WASHINGTON, D.C. - As Americans sit down for their Thanksgiving repast this week, they might be interested to know that Founding Father Benjamin Franklin wanted the turkey to be the national symbol rather than the Bald Eagle, which he regarded to be a coward, lazy and of “bad moral character.”
The turkey “is, besides though a little vain and silly, a bird of courage and would not hesitate to attack the grenadier of the British Guards who should presume to invade his farm yard with a red coat on,” Franklin wrote to his daughter after Congress had approved a depiction of the eagle for the Great Seal in 1782.
Although Franklin lost the political debate, turkeys have stayed first in Americans’ hearts and, come to think of it, their stomachs – especially around Thanksgiving and Christmas. And they have managed to transcend politics. Turkeys are produced in 47 states, which means there is not a red state-blue state divide.
According to an analysis of the 2012 Census of Agriculture, 45.3 million turkeys were sold in the 26 states that voted for President Barack Obama in the 2012 general election, while 50.4 million were sold in the 24 states that voted for Republican challenger Mitt Romney that year.
“That’s fun,” concluded Lara Durben of the Minnesota Turkey Growers Association. “It’s a win-win for America. I mean, who doesn’t like turkeys? Everyone can get behind them.”
Minnesota has voted for Democratic presidential candidates consistently since 1972, making it one of the bluest of blue states. Minnesota also leads the nation in turkey production, selling at least 19.4 million birds in 2012, according to the Department of Agriculture’s farm census.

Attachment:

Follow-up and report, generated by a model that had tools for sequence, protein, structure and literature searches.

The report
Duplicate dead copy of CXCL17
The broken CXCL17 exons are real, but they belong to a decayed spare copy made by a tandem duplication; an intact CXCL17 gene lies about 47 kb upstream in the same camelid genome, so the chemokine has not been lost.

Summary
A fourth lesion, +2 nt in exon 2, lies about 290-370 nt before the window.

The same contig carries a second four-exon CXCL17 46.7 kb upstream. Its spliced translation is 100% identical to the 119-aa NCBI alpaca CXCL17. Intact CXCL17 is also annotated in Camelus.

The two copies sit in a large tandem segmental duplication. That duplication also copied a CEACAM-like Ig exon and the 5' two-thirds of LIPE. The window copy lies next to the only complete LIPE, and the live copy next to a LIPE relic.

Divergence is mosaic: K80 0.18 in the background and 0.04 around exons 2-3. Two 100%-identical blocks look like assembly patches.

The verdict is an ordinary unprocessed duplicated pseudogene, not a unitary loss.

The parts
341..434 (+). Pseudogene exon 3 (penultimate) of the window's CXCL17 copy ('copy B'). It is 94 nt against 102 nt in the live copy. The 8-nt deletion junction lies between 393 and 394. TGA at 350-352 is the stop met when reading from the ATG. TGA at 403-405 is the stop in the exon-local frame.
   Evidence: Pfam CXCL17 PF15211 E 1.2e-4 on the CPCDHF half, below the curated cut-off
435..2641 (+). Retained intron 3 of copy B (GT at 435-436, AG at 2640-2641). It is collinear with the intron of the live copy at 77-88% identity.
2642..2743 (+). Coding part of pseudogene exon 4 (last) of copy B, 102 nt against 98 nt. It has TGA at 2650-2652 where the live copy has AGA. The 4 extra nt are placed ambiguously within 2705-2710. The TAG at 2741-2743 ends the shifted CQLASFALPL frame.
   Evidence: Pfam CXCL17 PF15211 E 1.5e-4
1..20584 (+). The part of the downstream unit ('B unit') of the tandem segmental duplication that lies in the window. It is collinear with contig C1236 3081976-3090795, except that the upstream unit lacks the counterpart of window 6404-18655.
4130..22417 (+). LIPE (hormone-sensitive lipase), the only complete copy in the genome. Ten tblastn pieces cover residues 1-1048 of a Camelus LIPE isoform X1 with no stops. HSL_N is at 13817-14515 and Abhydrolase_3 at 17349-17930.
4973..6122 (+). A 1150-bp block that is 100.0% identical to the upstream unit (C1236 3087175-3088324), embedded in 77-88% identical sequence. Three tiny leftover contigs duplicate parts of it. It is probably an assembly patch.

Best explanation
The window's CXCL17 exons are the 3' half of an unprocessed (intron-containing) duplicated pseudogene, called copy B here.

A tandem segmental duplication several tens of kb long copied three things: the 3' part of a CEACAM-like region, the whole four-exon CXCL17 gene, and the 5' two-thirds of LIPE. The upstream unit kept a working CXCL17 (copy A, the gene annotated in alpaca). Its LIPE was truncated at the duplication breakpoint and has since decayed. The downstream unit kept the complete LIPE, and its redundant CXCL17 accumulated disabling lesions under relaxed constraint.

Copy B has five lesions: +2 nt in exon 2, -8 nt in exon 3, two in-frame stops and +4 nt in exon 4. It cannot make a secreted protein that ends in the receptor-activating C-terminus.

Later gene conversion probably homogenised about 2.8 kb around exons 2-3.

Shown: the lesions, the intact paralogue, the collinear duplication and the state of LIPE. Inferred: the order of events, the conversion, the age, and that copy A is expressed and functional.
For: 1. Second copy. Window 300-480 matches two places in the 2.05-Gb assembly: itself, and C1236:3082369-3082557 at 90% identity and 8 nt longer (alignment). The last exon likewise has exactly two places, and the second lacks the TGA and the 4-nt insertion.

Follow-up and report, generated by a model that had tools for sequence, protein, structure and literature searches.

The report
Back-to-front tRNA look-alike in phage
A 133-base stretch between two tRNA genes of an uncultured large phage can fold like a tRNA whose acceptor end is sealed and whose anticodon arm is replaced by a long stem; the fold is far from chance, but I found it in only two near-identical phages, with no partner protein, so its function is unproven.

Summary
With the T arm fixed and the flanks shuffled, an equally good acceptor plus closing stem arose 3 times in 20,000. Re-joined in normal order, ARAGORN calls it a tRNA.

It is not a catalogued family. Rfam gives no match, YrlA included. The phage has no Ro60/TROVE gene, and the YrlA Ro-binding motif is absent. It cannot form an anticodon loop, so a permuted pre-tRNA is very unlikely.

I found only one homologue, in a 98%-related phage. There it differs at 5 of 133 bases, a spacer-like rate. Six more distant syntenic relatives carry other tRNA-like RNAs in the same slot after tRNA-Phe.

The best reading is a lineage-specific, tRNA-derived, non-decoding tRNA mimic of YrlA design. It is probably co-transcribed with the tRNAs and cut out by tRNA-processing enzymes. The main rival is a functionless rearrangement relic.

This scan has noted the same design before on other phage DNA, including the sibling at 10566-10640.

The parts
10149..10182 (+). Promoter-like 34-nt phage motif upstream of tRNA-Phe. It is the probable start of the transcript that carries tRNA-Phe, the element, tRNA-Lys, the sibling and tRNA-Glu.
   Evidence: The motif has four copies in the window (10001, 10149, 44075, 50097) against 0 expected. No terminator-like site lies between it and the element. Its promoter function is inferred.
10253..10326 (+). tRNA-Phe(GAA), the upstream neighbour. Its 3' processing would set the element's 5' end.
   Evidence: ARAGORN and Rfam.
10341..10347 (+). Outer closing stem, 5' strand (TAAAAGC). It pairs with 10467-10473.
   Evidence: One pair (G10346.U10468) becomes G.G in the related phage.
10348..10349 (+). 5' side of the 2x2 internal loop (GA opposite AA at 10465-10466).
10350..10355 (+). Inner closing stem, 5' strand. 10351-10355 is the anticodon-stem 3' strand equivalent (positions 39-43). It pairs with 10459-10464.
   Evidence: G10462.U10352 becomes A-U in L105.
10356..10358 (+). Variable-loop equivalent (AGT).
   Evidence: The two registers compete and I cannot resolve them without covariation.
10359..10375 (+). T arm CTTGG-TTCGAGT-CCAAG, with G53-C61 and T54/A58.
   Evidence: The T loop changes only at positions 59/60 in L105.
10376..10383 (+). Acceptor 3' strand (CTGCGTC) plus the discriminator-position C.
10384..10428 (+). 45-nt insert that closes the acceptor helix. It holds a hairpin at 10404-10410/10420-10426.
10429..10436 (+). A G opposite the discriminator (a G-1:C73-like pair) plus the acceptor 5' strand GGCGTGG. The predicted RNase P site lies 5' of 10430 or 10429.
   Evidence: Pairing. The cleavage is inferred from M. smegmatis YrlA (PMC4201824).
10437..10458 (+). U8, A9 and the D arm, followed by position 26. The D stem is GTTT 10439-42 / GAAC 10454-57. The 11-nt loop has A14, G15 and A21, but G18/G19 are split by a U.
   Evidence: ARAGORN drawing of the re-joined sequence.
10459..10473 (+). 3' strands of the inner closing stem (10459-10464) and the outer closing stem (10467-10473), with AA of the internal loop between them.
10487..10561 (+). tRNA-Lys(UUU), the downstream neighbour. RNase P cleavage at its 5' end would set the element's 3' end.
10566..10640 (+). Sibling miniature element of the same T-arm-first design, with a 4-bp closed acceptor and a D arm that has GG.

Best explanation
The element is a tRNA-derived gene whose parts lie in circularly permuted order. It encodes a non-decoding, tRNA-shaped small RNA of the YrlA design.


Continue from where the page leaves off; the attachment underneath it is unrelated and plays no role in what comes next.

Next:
In second place is a red state, North Carolina, which sold at least 17.2 million turkeys two years ago. Other major turkey producers are the red states of Arkansas, Missouri and South Carolina and the blue states of California, Iowa and Virginia.
Turkey production actually skyrocketed by more than 60 percent during the years that Republican President Ronald Reagan was in office, according to trend data by the National Agricultural Statistics Service.
But that rise was attributed, at least in part, to a concerted advertising campaign by the National Turkey Foundation.
“We were doing direct mailing, contests and advertising, trying to strengthen the industry,” foundation spokeswoman Kimmon Williams said. “This was also coupled with the health movement of the ‘80s. More and more people were thinking about what they were eating. Turkey is incredibly healthy and a turkey sandwich after aerobics was a better decision than a burger.”
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